As the match went on, Hurley got stronger. He got faster and more determined, breaking Heiland down mentally with every swing. He closed out the second set by winning the last three games and seven consecutive points, claiming his court for ONU as the rest of the singles matches wore on.

And afterwards, he shook Heiland’s hand at the net. He joked with a teammate that came onto the court to congratulate him, switching from kill-mode to funny guy in a matter of seconds. He wiped his face with his towel, then proceeded to make his way around the outside of the court, thanking everyone who came to watch him compete (sometimes more than once). Then he went to cheer on his teammates.

For what it’s worth, Heiland never stood a chance.


That Saturday, Cody’s playing career came to an end. Northern fell to Mount Union in the OAC Tournament semifinals, 5-1. The match was played in Mason, just over a half hour from his hometown.

It concluded a collegiate playing career plagued by injuries — Cody did the math, and of his 48 months as a college athlete, he was forced to sit out 33. He was told he would never be able to play again because of his shoulder, but he did anyway. He battled tears and sprains and kept on chugging. But it would never compare to the mental baggage that he claimed during that time.

He wishes he could tell his parents everything that’s happened; that he’s engaged to his fiance, Joe. That he is quickly climbing the coaching ranks at a young age. That he made it.

Instead, he tries to focus his energy on the present. He gets overly excited about the little things. When we ate at Cane’s, he talked about how cool it was that the Ohio State coaching staff gave him a tennis ball with the OSU logo on it when they met for an interview. He was genuinely thrilled.

Maybe that’s because when you’ve lost as much as he has, especially in such a short period of time, you understand the importance of every little thing. He truly believes in the importance of every day, good or bad, because he knows how close he was to having none left.

Most important is the fact that Cody Hurley is finally happy being himself. He came out this year and has also shared his story with anyone who will listen. He believes this has been his best year yet.

“If you’re happy with who you are and you believe in yourself and you just stay confident and positive, I feel like you can achieve anything,” Hurley said.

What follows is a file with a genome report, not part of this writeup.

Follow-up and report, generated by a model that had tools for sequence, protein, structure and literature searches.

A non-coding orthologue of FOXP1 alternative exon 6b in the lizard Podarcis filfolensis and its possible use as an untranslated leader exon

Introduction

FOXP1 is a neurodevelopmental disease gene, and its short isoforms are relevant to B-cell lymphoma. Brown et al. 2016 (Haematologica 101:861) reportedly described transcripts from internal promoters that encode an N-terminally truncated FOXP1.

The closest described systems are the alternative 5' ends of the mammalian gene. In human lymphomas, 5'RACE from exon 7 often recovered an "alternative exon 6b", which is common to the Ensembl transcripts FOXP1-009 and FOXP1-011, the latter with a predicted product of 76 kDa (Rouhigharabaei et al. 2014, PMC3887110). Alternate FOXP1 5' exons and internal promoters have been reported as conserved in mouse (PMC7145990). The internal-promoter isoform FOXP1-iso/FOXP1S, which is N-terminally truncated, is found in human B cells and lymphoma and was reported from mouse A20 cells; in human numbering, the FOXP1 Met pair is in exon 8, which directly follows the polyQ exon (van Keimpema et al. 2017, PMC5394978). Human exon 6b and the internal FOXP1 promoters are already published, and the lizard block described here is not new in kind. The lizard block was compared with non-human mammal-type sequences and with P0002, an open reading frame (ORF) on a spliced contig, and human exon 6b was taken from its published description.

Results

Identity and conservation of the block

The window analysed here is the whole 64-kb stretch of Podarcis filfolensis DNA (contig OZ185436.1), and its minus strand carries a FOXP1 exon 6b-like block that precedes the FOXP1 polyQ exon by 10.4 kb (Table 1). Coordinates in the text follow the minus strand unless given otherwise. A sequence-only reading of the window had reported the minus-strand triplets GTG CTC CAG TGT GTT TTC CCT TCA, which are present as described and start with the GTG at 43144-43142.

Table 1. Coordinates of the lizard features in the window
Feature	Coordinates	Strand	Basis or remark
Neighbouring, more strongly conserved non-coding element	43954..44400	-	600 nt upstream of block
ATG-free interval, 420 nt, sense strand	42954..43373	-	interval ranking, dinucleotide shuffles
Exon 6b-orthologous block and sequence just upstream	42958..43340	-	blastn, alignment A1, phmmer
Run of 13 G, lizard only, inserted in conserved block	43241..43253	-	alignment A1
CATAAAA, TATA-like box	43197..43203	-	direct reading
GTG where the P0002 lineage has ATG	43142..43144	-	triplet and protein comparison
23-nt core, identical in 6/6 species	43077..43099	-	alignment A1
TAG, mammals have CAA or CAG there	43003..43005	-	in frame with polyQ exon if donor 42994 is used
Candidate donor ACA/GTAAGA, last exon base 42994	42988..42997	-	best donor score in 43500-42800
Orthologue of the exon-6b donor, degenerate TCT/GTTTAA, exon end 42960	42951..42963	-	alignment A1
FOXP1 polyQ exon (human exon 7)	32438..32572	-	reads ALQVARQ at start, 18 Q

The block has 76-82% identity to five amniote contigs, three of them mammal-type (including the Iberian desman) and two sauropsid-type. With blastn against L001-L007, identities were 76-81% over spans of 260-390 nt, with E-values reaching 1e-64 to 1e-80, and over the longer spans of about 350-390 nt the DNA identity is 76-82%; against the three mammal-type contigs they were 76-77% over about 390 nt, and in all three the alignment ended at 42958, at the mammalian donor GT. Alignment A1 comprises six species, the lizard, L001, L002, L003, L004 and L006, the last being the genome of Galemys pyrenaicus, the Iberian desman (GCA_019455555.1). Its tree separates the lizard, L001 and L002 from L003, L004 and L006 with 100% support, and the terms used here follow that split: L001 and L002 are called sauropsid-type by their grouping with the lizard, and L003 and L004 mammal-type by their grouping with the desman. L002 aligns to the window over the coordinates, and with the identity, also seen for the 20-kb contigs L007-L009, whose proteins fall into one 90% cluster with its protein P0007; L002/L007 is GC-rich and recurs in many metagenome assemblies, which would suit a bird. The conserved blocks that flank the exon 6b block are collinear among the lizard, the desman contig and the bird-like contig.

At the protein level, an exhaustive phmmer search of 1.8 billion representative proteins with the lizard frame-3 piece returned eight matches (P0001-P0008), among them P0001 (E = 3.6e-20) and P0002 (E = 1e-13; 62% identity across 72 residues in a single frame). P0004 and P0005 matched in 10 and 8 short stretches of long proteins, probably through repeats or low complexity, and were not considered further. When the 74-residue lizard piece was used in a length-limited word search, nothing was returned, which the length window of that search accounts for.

He’s come a long way from his darkest days, four years ago.

“I think the biggest thing is that I thought I was a failure. I thought that I’d failed myself, my family. I thought I had failed everybody that’s ever done something for me,” Hurley said. “And nowadays, when I fail, it’s a learning lesson for me. I take it and I use it to make myself better.”

Along with completing courses and finishing his tennis career, this year has brought additional challenges. He is completely on his own now. His permanent address is now in Ada, and he bought his own car last month. He is paying social security checks and filing taxes. He’s constantly sorting through boxes of his mom and dad’s possessions, trying to figure out what he should keep. He’s now paying for his own tuition.

Going home is hard for Cody. When he does, it’s rare, but he goes to his stepmother’s house in Springfield. It’s just her and her two dogs now.

“It’s a really hard thing to go home nowadays,” Hurley said.

He’ll go home to visit his mother’s grave (his father was cremated upon request), but he usually won’t linger. He spent some of his darkest moments in that space.

“It’s hard. When I go home am I happy and am I excited to see people? Yes. But at the same time, it just reminds me of this big absence in my life,” Hurley said. “I’m just missing two huge parts of my life.”

Cody will say that tennis saved him, and maybe that’s true. Who knows where he would be now if he didn’t get into coaching through his high school team, or if he wasn’t able to work through some of his toughest times on the court. But in reality, Cody Hurley saved himself. When his back was against the wall, he responded. Every time.

Long likens Hurley to a boxer, once bloodied and bruised but never out of the fight.

“I think that’s probably what he’s really had to go through, is that he’s been knocked down,” Long said. “He has to think about, ‘What’s next, what’s still out there for me?’ And he realizes, ‘Oh, there is a lot out there. I’ve gotten a lot of adversity, but there’s still people who care and things I can do.’ So he just gets back up, gets knocked down again, gets back up, gets knocked down again…”

Long paused and took a deep breath.

“It’s time for him not to get knocked down any more, you know?”